The lovely part of this latter aspect is that our small acts invariably have ripples far beyond our ability to observe them, know of them, or even comprehend them. Who can say how our actions will inspire or influence the actions of others and what great and beautiful things may come from that? Doing small, but morally significant things displays an abiding faith in the interconnectedness of our lives. This is a self-reflexive and ultimately self-fulfilling postulate.

    There is no substitute for “being the change we wish to see in the world.”

    Cheers,

    MBJ

  3. 3 smita 27 January 2008 at 7:18 am

    So silly! What they should have done is given you your second coffee free, then they wouldn’t have had to account for that extra glass!

    But this is one thing you can’t blame on the Indian mindset. The concept of disposable=clean/sanitary/hygienic is a purely western import. The Indian way would have been to rinse all the dirty cups in a bucket of murky water and reuse them (saving even on soap and clean water).

    It is in America where, when you go to a grocery store and intercept the bagger as he is about to put your single purchase into a plastic sack and say you don’t need a bag, you will see him crumple up the brand new, totally unused, uncreased plastic and throw it in the trash.

    For better or worse, it is visitors from abroad (including NRIs) and the newly affluent Indians inspired by the West who demand and drive the culture of disposability.


Leave a Reply

Fill in your details below or click an icon to log in:

WordPress.com Logo

You are commenting using your WordPress.com account. Log Out / Change )

Twitter picture

You are commenting using your Twitter account. Log Out / Change )

Facebook photo

You are commenting using your Facebook account. Log Out / Change )

Google+ photo

You are commenting using your Google+ account. Log Out / Change )

Connecting to %s




Blasts from the Past

Man Up!
Man up you pussy!

... because the idiocy of manliness is an evergreen topic.

.

Talking Turkey
how to cook a perfect turkey in half the time

... because Canada and the US will celebrate their Thanksgiving holidays and, regrettably and preventably, not 1-cook-in-10 will serve a decent turkey.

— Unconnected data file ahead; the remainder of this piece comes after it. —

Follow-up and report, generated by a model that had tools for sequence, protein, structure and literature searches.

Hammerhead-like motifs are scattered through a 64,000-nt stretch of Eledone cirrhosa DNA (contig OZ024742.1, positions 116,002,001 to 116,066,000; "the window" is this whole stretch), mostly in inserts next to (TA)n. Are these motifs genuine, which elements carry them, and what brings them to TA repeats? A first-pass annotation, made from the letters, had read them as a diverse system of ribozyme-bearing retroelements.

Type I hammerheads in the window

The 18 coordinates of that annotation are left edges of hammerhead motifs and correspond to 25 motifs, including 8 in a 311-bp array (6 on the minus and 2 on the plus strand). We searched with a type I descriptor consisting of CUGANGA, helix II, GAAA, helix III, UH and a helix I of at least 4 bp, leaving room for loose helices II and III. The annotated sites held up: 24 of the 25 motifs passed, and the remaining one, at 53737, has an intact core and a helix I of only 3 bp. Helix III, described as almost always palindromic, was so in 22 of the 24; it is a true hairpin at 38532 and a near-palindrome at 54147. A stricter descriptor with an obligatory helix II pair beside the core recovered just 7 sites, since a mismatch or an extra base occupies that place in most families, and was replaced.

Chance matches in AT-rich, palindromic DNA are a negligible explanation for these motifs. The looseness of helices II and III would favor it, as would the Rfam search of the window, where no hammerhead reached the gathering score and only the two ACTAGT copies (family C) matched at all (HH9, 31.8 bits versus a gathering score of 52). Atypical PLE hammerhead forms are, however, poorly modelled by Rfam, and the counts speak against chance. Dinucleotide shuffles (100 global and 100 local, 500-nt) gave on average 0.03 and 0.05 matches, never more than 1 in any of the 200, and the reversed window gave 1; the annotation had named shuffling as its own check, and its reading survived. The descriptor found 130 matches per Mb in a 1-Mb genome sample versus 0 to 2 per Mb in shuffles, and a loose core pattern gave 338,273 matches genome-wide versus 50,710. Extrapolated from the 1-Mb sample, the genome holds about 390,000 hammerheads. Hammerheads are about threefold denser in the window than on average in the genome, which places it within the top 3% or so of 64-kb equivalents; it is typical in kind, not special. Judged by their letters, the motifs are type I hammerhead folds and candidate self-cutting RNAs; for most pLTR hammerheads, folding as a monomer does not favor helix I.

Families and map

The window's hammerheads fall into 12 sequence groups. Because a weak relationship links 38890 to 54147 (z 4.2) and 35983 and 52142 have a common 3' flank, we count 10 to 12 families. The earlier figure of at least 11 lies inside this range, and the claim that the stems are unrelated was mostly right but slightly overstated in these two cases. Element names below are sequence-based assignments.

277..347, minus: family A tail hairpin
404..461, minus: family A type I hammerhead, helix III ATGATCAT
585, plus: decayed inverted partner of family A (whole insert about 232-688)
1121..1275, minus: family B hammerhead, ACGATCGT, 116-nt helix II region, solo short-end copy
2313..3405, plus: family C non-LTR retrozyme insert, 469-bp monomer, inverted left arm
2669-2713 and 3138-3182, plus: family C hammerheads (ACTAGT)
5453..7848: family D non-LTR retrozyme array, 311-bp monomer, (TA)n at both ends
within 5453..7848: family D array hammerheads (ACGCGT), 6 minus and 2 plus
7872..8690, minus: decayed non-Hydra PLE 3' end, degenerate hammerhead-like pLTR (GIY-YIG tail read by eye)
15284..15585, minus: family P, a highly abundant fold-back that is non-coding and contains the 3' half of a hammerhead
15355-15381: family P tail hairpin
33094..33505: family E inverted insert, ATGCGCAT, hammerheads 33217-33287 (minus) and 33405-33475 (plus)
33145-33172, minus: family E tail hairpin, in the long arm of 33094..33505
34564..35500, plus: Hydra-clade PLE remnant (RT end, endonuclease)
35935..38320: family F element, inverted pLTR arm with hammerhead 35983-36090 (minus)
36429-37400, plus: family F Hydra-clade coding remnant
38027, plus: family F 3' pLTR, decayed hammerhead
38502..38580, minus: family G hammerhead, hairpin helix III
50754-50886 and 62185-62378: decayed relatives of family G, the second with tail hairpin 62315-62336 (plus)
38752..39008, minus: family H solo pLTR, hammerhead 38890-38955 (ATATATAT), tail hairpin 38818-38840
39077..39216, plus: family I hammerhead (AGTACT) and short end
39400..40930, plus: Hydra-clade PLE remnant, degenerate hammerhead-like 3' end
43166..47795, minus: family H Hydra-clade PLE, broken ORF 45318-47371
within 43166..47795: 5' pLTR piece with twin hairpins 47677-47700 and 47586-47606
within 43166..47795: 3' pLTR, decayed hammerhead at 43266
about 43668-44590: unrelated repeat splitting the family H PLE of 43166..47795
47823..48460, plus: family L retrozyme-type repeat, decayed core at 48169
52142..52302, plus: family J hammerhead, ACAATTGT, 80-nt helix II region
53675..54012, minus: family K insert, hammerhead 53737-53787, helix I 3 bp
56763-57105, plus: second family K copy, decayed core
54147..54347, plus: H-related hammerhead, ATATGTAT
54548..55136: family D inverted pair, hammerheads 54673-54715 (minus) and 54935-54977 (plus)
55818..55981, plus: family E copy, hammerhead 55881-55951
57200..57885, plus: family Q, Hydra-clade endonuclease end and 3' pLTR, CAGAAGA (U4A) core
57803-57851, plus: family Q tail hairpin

.

Filial Piety Awareness Day
Kaki Tusler, Mother's Day Celebrant

... because everyday is Mother's Day.

.

America Dreaming Small
American Dream

... because the American Dream seems but a distant memory, given the country's dominant ethos of small-mindedness.

.

Serenity and Gratitude to Bring in the New Year
New Year's Eve at Tibetan Pavillion

... to remind us that not every mix of Tibetans and Western spiritual seekers has to be nauseating.

.

Incredible Vision
Infinite Vision

... to celebrate the new edition of Infinite Vision published in India.

.

Expelliarmus! Harry Potter and the Path to Gandhian Nonviolence
Expelliarmus, Potter, Gandhi, Nonviolence

... reprised because military strategy seems more cruel and less effective than ever -- and certainly there is a better way.

.

India Going Nowhere Fast
Nano in Flames

... because cars are ruining Pondicherry, where I live. How badly are they fucking up your Indian town?

.

Understanding the Gift Economy
Gift Economy Explained

... reprinted because more-and-more people seem want to understand the gift economy. (Yeah!)

Join the Banter!

At its most fun, memestream is a dialogue -- or, better, a cacophony -- rather than a library of overwrought essays reflecting a single point of view. For that, we need your two cents!

If you read anything on memestream that provokes an interesting thought, an emotion, a laugh, violent disagreement, passionate agreement, an anecdote, an uncontrollable non sequitur... be sure to leave a comment.

It will be no surprise to anyone who follows this blog that "all the best stuff" resides in the readers' comments. So don't stop reading when you hit the end of the essays. And add your voice to the discussion!

Enter your email address to follow memestream and receive notifications of new posts by email.

Join 51 other followers

Blog Stats

  • 365,088 hits

%d bloggers like this: